Obviously obeying your society in return for security is better… except when stuff doesn’t work, apparently.
From a Bookworm room post.
Obviously obeying your society in return for security is better… except when stuff doesn’t work, apparently.
From a Bookworm room post.
Some interesting back story leading up to it.
Chris Avellone’s name usually comes up in association with Planescape Torment, but I think Colin McComb contributed significantly more to the lore and the background. Chris’ idea of role playing didn’t suit the single face, single perspective of the Nameless One as it came out. If they had more resources, Avellone would have made the Nameless One more customizable so that the people can make them look like X. That is not quite the narrative people got at the end, however. I followed Avellone’s later games, and they all had a different philosophy compared to Planescape Torment rpg. I didn’t figure out why until recently.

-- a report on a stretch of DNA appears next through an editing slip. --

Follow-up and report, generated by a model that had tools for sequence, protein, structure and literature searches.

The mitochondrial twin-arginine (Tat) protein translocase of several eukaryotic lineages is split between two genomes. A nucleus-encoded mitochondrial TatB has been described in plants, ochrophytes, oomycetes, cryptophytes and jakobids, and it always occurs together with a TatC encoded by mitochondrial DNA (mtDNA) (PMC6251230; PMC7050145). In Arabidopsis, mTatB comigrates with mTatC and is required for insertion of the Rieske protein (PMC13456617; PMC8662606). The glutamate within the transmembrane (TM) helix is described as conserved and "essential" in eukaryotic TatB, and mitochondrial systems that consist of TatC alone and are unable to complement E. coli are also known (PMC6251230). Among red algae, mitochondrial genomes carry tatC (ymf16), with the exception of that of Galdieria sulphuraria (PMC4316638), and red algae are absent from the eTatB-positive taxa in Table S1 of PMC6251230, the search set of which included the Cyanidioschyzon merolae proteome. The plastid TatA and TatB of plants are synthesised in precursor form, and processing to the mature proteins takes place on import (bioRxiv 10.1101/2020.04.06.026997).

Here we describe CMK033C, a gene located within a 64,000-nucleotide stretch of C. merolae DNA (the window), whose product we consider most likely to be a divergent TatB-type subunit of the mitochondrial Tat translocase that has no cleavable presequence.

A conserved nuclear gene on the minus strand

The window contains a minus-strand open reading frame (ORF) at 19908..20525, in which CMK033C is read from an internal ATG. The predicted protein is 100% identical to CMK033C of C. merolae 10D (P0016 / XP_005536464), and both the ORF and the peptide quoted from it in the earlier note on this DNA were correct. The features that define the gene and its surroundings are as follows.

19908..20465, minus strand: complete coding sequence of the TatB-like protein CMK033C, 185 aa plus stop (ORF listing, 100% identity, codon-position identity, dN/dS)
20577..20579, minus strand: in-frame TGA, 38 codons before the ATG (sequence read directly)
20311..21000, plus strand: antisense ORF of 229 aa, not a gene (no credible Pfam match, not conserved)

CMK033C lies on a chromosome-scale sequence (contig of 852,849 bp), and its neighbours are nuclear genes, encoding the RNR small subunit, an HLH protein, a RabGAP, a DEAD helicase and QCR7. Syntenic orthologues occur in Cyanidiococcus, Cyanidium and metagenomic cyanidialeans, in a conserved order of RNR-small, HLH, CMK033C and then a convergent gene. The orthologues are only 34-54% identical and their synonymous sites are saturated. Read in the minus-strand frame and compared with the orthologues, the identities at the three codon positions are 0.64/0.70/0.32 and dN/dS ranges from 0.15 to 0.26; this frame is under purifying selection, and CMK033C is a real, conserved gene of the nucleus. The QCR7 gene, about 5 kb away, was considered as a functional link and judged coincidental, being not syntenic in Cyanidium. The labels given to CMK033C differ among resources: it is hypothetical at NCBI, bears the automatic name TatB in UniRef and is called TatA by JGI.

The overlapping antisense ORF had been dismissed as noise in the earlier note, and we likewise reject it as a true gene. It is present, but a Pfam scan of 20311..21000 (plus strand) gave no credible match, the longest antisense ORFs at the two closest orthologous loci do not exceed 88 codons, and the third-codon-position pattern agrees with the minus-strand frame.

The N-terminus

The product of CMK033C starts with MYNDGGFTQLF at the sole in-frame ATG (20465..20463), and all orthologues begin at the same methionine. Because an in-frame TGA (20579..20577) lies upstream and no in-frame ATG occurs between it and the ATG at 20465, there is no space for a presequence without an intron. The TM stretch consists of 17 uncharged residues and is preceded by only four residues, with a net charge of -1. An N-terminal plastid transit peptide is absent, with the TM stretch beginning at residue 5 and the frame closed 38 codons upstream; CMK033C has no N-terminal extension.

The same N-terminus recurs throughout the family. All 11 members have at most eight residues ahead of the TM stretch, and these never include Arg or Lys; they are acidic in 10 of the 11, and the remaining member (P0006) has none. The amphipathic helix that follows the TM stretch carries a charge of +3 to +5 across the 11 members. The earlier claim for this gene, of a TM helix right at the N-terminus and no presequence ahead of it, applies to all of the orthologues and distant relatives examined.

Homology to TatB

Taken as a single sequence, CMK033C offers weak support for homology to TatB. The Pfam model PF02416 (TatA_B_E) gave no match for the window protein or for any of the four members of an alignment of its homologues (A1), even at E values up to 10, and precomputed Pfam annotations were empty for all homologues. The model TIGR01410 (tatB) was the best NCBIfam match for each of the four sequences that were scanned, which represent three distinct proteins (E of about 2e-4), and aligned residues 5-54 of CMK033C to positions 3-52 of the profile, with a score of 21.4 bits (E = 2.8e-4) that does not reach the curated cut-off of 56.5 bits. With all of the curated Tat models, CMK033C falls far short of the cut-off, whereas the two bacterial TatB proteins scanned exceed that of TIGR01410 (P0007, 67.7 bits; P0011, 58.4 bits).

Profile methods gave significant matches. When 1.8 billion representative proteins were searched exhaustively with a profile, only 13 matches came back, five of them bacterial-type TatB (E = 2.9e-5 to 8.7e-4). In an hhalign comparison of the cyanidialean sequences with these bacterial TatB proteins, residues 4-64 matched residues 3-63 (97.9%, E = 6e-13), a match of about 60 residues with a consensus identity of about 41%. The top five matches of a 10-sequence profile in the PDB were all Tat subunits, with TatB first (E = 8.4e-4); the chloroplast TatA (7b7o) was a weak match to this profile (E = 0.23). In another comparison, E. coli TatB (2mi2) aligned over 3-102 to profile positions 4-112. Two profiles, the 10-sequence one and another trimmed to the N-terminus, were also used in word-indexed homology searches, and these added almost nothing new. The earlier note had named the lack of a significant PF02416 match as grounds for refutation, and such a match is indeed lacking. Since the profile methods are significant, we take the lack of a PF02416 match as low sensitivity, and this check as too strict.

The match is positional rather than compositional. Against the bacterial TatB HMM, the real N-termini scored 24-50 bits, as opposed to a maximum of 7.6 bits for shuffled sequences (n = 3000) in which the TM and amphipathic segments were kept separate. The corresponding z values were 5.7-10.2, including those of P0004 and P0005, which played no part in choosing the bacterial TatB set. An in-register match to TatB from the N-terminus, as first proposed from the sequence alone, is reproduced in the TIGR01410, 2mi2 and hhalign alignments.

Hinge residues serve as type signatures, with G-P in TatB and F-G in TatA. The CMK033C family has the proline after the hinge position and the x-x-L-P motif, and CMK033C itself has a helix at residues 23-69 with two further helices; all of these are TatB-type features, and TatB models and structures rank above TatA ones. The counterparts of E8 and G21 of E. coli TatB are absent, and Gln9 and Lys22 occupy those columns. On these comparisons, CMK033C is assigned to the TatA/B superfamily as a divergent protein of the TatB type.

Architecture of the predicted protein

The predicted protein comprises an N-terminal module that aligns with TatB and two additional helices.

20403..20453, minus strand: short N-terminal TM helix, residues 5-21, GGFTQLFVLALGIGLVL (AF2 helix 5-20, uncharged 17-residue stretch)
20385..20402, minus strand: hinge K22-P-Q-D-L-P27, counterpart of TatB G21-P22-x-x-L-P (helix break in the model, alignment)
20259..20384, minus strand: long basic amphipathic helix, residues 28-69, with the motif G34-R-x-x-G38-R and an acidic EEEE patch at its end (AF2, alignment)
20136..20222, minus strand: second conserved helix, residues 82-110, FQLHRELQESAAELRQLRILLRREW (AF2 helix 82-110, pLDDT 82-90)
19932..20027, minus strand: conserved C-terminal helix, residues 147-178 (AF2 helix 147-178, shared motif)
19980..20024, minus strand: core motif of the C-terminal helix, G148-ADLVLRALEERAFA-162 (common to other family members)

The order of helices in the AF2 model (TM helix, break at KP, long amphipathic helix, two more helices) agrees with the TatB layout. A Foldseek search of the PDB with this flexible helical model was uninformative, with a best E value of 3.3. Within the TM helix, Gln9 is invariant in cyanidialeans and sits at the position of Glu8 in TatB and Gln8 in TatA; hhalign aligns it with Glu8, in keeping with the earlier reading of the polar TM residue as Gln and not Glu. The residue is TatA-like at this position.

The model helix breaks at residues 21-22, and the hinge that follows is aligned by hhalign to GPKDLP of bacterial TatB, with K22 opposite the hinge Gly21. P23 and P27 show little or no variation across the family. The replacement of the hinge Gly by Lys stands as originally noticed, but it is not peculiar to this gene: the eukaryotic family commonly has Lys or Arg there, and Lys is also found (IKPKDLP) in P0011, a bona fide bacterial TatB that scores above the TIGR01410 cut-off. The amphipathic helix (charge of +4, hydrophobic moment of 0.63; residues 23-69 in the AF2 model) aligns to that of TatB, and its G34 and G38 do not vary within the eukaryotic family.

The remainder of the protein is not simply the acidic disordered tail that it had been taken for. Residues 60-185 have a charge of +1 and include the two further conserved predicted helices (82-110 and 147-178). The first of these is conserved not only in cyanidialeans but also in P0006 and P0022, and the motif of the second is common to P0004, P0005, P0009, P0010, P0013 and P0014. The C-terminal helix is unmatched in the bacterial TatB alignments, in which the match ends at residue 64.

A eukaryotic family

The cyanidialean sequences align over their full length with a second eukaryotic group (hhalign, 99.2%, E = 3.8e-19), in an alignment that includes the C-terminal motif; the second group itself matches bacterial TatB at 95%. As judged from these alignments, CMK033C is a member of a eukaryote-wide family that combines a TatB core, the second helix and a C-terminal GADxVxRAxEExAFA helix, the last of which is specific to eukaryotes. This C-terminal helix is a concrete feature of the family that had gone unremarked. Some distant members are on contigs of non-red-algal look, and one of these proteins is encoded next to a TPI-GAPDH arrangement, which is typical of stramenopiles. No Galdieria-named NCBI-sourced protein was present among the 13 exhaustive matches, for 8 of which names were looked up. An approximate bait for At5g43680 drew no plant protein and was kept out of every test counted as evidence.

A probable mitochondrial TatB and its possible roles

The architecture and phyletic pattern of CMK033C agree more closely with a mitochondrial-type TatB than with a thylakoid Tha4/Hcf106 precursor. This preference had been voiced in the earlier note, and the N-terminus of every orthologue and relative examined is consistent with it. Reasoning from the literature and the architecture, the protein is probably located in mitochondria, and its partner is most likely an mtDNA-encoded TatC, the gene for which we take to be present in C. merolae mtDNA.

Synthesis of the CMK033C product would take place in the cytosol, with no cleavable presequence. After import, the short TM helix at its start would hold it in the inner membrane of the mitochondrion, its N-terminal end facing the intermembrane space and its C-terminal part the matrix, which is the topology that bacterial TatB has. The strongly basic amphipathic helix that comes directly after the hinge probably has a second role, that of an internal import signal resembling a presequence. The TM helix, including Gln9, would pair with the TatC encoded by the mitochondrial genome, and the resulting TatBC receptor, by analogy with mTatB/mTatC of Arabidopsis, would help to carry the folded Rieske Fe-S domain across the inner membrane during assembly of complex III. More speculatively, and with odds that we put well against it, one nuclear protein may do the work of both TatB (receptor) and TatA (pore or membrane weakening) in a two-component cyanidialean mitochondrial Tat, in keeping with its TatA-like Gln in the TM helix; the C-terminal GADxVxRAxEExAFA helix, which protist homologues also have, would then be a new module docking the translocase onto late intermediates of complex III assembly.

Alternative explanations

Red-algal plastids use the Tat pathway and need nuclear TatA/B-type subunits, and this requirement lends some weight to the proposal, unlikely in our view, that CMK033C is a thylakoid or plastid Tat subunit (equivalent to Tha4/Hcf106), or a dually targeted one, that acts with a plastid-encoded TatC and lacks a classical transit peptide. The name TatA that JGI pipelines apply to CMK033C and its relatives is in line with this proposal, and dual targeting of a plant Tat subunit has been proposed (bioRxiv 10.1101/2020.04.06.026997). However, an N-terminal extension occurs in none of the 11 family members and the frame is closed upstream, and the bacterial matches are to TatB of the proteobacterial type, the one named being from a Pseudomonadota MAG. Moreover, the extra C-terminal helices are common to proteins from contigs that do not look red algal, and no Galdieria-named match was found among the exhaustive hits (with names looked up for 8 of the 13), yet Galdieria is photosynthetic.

Role play, as in putting yourself on the stage and playing a role you created for yourself is one thing. Role playing as in reading a story and putting yourself in the main character’s shoes, is something else. Planescape Torment is considered great, I suspect, because of the latter narration style, not the former.
Now back to the Pillars of Eternity summary: